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Trump suit targets mail-in ballots in state he needs to win

Jeffrey Taylor
Bloomberg

President Donald Trump’s re-election campaign is suing three Iowa counties to invalidate requests for absentee ballots in a fight that has come down to about 18,000 ballots in a GOP-leaning state where more than a million people are expected to vote.

The dispute, which is likely headed for the Iowa Supreme Court, centers around the legitimacy of ballot applications that were sent out with some voter information already filled in.

More broadly, the legal battle shows how hard Trump is fighting to carry a state that was expected to be an easy win for him, one where he prevailed by almost 10 percentage points over Hillary Clinton four years ago.

President Donald Trump speaks with reporters as he walks to Marine One on the South Lawn of the White House, Tuesday, Oct. 13, 2020, in Washington.

Trump is heading to Iowa later Wednesday for a campaign rally in Des Moines, with a trip this close to election serving as another sign that his campaign is worried about holding onto the state.

Recent polls show Democratic nominee Joe Biden with a narrow lead in Iowa, and the state is also the site of a toss-up Senate race that may help determine which party controls the chamber. Early voting in Iowa has already begun, and requests for absentee ballots are running about five times higher than in 2016.

Trump has repeatedly asserted without evidence that absentee voting is a source of widespread voter fraud and that 80 million mail-in ballots are being sent to voters throughout the U.S. who didn’t request them.

In the Iowa case, however, Trump is contesting the exact kind of absentee ballots he has repeatedly described as valid: “solicited” ones specifically requested by registered voters.

Matthew Morgan, the Trump campaign’s top lawyer, has said that “rogue” election officials in Democratic-leaning counties have “rewritten the rules for absentee ballot security” by mailing out absentee ballot requests to active registered voters with personal identifying information, including required voter ID numbers some people don’t know, already filled in.

The Republican National Committee, the National Republican Senatorial Committee, the National Republican Congressional Committee and the Republican Party of Iowa are also parties in the lawsuits.

The court fight has had the effect of making some voters wary of mail-in voting, said the Linn County auditor, Joel Miller, one of the officials sued by Trump’s re-election committee.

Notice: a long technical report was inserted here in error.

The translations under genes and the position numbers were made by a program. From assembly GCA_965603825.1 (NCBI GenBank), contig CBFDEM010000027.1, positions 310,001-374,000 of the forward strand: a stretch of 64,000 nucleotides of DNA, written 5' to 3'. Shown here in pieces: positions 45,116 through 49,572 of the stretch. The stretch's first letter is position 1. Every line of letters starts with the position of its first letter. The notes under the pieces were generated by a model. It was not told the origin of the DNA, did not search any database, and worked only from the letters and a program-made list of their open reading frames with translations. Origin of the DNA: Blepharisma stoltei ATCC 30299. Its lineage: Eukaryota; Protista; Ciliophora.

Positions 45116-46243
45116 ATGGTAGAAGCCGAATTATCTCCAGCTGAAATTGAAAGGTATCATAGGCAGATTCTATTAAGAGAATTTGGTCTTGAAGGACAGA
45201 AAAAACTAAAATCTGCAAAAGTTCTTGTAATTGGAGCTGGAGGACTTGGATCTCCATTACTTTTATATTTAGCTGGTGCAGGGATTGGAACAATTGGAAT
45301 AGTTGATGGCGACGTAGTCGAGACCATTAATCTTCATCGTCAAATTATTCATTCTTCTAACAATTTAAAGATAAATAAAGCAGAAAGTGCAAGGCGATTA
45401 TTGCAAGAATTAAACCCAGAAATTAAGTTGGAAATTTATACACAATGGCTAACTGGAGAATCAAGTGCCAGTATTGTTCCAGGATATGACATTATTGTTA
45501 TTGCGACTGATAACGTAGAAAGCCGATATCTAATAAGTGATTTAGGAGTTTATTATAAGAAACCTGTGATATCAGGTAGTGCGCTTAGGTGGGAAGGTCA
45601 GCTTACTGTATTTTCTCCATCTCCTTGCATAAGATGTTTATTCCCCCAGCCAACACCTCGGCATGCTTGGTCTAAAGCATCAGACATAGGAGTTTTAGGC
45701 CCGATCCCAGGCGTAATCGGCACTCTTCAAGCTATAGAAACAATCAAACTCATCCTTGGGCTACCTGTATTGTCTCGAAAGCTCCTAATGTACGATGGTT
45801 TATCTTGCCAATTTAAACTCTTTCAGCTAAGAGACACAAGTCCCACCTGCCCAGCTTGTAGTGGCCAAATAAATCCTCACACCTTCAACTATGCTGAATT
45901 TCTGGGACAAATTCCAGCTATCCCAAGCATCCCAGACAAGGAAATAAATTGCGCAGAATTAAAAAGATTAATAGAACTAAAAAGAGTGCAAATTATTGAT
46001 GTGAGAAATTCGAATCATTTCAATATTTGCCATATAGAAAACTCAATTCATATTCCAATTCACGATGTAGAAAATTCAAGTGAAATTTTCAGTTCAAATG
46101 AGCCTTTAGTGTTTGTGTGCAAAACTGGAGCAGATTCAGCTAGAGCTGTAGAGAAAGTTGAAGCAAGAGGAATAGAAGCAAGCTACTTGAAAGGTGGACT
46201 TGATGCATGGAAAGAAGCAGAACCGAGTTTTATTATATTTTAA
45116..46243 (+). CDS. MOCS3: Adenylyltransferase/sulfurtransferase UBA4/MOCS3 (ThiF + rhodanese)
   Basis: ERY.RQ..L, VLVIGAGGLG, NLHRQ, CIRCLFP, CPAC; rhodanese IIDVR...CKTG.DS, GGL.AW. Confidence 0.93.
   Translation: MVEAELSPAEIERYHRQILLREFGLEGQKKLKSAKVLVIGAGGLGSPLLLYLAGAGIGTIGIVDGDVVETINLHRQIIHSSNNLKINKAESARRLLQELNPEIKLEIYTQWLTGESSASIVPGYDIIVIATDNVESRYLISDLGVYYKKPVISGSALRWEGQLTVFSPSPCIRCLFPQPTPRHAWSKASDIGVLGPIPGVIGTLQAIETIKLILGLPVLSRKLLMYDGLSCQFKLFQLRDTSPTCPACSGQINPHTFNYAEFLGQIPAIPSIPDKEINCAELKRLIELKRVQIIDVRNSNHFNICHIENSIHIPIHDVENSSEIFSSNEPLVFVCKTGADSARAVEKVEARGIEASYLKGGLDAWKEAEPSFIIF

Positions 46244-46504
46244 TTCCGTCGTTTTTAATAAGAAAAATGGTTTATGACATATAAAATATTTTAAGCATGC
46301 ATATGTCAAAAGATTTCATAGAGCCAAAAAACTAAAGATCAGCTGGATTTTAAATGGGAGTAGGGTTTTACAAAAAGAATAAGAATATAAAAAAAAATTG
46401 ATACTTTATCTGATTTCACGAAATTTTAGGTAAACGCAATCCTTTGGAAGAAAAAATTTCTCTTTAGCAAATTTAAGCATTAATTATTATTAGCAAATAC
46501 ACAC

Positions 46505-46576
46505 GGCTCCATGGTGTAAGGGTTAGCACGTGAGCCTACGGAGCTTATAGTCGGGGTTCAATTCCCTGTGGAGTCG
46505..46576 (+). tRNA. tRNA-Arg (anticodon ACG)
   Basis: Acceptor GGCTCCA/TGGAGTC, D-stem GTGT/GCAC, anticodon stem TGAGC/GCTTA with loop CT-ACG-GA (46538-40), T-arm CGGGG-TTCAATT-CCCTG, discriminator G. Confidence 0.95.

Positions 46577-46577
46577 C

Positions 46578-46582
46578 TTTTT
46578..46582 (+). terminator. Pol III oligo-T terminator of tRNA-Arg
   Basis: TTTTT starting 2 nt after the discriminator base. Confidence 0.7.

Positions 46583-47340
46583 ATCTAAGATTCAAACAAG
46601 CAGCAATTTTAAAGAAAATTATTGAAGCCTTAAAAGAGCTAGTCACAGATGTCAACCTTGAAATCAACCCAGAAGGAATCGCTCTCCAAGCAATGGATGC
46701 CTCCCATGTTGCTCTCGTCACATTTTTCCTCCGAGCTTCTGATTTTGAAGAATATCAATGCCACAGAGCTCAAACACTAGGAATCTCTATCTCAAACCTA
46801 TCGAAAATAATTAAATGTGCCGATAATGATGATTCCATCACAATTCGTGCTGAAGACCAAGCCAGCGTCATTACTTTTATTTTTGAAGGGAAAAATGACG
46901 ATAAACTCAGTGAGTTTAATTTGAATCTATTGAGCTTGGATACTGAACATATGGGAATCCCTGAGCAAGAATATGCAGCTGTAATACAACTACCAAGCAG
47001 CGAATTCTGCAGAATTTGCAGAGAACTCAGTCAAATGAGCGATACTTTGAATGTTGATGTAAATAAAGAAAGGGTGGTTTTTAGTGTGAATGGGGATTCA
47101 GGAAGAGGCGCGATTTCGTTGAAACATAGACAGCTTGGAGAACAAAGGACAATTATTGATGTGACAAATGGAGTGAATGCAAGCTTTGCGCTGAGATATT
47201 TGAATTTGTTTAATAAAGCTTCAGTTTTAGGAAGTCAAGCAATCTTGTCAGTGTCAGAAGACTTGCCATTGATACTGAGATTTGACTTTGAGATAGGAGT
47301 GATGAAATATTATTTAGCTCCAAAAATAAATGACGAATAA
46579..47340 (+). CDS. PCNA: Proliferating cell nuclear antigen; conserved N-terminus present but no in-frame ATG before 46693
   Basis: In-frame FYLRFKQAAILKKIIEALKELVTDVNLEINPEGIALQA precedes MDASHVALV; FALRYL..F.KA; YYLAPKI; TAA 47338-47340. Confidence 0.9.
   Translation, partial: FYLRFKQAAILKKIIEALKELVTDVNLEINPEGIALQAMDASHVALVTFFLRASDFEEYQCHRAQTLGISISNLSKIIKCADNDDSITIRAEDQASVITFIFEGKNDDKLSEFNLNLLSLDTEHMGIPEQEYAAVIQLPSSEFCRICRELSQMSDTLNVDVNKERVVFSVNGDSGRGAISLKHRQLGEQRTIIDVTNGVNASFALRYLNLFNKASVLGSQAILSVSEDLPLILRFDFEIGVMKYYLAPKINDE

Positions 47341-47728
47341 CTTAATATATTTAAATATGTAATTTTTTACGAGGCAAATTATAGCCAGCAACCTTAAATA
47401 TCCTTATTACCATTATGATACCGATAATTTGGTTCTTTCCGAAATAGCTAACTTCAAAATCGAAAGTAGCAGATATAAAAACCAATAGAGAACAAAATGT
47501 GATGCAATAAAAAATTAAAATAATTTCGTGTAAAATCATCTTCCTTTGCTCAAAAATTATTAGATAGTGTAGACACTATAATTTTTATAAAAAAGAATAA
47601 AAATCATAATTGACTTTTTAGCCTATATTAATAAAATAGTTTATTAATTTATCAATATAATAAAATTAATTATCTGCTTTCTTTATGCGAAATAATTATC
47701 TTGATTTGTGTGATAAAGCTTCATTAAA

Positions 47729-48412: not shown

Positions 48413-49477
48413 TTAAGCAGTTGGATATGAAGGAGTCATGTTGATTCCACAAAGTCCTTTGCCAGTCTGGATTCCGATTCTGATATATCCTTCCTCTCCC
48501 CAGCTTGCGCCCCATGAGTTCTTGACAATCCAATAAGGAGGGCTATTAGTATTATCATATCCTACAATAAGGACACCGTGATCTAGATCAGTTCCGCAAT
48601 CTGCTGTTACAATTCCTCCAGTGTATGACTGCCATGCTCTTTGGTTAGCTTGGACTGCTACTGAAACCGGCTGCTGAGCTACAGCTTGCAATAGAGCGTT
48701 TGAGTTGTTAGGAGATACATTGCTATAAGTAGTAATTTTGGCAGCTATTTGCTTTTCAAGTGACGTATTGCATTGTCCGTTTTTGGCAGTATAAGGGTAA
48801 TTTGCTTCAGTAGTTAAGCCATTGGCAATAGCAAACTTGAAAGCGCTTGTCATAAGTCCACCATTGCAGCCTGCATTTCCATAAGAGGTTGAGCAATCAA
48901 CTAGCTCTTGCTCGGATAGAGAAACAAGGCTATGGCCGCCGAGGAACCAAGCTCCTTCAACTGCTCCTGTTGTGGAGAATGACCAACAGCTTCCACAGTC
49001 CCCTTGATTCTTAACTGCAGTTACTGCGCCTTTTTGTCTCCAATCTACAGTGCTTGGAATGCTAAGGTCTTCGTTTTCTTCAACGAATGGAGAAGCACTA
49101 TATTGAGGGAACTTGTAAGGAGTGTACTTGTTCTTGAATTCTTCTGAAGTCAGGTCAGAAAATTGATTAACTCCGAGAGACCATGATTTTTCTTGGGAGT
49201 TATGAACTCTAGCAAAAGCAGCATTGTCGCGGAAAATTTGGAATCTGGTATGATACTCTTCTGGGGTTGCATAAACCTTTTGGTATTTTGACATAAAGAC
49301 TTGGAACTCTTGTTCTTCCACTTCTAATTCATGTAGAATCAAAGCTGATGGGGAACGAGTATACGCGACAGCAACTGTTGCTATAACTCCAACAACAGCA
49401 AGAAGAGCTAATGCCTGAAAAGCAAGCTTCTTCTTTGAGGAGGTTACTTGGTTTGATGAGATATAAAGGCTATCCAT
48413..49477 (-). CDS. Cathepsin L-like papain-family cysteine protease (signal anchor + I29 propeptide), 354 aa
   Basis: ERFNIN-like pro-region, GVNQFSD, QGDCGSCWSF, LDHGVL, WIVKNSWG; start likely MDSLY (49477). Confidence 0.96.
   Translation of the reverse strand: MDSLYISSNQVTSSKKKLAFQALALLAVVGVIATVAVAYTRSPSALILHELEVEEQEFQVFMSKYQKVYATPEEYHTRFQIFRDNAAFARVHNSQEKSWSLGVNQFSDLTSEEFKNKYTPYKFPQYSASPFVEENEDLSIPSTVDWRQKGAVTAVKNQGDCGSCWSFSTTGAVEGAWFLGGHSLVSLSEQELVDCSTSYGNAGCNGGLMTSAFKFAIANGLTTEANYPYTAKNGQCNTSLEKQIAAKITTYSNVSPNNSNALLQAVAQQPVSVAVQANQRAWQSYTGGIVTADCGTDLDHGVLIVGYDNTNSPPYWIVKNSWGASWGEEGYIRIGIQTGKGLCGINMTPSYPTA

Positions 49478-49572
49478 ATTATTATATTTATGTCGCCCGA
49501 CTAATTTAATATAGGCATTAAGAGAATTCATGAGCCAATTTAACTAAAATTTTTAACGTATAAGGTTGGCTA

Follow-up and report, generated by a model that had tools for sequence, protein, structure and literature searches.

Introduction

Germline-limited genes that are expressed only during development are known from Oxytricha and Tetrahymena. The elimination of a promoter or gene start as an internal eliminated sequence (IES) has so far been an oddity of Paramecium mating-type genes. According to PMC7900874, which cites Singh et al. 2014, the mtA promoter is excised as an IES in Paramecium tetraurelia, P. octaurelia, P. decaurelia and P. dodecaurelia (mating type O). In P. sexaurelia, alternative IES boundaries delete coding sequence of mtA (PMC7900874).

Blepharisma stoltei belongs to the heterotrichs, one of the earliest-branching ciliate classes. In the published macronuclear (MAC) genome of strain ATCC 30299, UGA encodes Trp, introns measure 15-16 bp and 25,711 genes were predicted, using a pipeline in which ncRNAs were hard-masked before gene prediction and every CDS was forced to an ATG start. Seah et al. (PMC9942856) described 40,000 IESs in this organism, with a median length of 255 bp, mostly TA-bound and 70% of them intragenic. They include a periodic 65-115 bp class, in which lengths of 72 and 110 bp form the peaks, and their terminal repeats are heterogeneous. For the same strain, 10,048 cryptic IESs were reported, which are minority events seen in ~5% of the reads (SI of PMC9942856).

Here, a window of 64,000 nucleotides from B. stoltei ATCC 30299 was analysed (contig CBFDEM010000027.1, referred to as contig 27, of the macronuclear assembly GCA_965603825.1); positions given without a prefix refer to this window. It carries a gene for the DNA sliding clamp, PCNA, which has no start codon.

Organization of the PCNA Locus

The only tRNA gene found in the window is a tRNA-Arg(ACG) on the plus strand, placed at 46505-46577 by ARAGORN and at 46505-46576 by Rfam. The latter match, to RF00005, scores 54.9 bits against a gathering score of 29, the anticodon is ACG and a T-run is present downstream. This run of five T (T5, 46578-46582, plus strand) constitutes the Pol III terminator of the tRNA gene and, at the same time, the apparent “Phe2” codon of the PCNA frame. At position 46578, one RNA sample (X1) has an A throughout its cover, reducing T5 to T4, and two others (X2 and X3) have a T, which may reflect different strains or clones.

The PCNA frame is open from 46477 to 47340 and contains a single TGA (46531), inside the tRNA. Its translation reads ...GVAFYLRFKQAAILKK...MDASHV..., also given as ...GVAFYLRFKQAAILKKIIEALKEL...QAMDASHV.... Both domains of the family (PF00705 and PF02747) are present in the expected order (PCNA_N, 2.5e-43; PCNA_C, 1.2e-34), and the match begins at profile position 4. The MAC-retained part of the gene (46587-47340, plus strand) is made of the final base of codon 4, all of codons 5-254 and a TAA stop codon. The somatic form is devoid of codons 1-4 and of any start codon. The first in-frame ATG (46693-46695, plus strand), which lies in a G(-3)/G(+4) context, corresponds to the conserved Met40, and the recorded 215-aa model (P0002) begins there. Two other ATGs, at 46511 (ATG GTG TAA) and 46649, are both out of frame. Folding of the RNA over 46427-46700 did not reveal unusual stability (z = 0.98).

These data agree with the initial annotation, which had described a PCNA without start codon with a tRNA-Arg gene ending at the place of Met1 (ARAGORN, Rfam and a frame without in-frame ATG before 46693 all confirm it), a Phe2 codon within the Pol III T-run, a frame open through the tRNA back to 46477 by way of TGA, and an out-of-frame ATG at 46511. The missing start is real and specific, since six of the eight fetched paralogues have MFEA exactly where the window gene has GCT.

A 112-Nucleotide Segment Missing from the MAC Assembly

“The broader goal seems to be to create chaos and confusion,” Miller said in an interview. “People are scared now to use the mail system, so people are filling out their ballots and bringing them to our drop boxes.

Iowa’s Republican secretary of state, Paul Pate, issued a directive that requests for absentee ballots must be blank when mailed to voters. Last week, a judge, responding to a lawsuit filed by the Iowa Democratic party and Democratic congressional committees, blocked enforcement of Pate’s directive.

The Iowa Supreme Court, which has a majority of Republican-appointed justices, hasn’t set a date for a hearing or additional proceedings in the absentee ballot case but is expected to take some action in the next few days.

“This ruling only adds further confusion to voters who have been misled by unlawful decisions by the Johnson, Linn and Woodbury county auditors,” Pate said in a statement. “Additionally, it has no bearing on previous court rulings that forbid those auditors from mailing pre-filled absentee ballot request forms.”

Alan Ostergren, a local attorney representing the Trump campaign and the Republican National Committee, and Gary Dickey, a Des Moines lawyer representing Democratic party committees in the litigation, declined to comment.

A spokesman for Pate said the vast majority of voters who requested ballots using pre-completed forms in the three counties subsequently made new requests using blank forms and that about 726,000 voters statewide had requested absentee ballots so far.

But about 18,000 voters in the three counties haven’t followed up with new ballot requests – and those people didn’t receive ballots when they were mailed starting Oct. 5. That total may be significant in hard-fought presidential, Senate and congressional elections in what has become a crucial swing state, Linn County’s Miller said.

“I didn’t think Iowa was in play as of two months ago, and now it is,” Miller said. “The purpose of the Trump lawsuit was certainly to tamp down voter engagement, and I think it worked a little bit. But I still expect an 80% turnout of registered voters.”